July 17, 2014 6:36 pm
Updated: July 17, 2014 8:13 pm

Edmonton police, transit officials team up to increase LRT safety

Watch above: Edmonton police and transit police will now share a full-time beat. Eric Szeto reports.

EDMONTON – Edmonton police and the Edmonton Transit System are ramping up enforcement on the LRT in hopes of increasing passenger safety and security.

The trial project will see four EPS officers and four ETS peace officers paired in two-person teams, patrolling the northern stretch of the LRT on a daily basis.

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“I think that our customers out there will find value from it, having a secure and enhanced system. This isn’t something we would do if there was no need,” said ETS Customer Safety and Security Superintendent Marvin Chick.

The project — called Transit and Police Partnership (TAPP) — has been in the works for a few months, but Ward 7 City Councillor Tony Caterina says a post-Canada Day brawl at Coliseum Station once again triggered the need for increased enforcement.

“We’ve seen the incidents happen… we need that presence there on an ongoing basis,” said Caterina.

WATCH: Post-Canada Day brawl at Edmonton LRT station caught on camera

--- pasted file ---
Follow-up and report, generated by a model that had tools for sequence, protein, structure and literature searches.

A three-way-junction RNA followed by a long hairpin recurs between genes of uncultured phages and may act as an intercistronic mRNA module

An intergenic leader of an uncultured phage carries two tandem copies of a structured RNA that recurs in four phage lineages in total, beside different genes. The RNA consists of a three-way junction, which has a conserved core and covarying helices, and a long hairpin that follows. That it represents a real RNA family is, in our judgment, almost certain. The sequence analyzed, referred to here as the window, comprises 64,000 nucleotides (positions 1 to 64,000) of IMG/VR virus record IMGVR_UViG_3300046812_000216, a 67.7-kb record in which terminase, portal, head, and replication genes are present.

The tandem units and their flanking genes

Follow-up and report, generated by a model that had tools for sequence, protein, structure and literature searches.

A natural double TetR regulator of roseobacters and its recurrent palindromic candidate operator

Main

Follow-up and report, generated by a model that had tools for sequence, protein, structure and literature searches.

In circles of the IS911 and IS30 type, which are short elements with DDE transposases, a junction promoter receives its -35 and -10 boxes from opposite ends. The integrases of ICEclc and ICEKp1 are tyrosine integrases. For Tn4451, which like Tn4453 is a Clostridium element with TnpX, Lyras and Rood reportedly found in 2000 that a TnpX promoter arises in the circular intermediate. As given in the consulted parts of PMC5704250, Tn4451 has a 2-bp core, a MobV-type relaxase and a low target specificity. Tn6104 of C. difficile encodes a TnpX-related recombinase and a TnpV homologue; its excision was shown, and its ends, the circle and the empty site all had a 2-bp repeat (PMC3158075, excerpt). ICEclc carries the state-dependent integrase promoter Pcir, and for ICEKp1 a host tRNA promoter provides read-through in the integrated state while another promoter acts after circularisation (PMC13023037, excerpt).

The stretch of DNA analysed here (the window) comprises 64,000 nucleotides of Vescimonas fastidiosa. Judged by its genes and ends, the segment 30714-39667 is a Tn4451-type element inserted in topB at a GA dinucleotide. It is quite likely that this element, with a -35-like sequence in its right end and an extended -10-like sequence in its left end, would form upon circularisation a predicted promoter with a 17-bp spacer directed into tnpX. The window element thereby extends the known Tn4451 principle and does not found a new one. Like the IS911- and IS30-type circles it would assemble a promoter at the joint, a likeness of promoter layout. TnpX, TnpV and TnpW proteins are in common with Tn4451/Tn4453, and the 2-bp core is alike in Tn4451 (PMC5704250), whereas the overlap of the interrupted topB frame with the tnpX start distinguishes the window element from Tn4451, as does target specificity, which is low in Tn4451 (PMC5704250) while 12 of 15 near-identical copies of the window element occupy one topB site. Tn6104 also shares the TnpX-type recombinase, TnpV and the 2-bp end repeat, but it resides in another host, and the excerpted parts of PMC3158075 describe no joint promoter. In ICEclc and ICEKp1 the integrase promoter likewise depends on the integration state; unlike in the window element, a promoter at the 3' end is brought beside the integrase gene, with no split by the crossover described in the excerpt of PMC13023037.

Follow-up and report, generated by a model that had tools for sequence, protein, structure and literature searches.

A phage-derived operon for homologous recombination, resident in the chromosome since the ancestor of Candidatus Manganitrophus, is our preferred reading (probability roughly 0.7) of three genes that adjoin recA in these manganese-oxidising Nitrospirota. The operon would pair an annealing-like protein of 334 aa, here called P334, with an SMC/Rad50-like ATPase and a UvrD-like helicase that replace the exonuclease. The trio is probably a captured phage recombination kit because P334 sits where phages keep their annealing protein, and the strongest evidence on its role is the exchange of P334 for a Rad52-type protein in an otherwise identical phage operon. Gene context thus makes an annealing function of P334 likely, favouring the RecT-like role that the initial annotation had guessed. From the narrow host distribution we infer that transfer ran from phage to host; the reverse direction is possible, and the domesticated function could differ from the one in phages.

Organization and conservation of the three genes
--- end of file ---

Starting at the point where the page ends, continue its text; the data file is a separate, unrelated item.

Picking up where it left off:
This isn’t the first time an incident like this has happened; back in May, another attack was caught on camera.

A video taken on an ETS train captured a young woman behaving in a bizarre manner before attacking a fellow passenger.

READ MORE: Edmonton ETS train attack caught on video

And in December 2012, a 29-year-old man died following a vicious, unprovoked attack on an LRT train.

City and transit officials maintain the LRT system is safe, but say violent incidents tend to stick in people’s minds.

“Perceptions are important,” said Chick. “I think that the high uniformed presence will change perceptions and hopefully proactively reduce the number of incidents on the system.”

Every day, about 100,000 people ride the LRT. And with an ever-growing city, the new Metro Line set to open and increasing LRT ridership, police say the increased presence is needed to keep disorderly behaviour at bay.

“Edmonton is rapidly becoming a major, metropolitan city, whose residents are increasingly depending on public transportation to get around. An increased police presence in the LRT is a logical progression,” said Staff Sgt. Gary Beaulieu, EPS Downtown Beats.

The project will run until mid-December, but already officials are hopeful it will continue, with an even larger officer presence.

According to Edmonton Transit, in 2013 there were 287 criminal incidents and 4,534 city bylaw offences on the LRT and at various stations.

With files from Eric Szeto, Global News.

© Shaw Media, 2014

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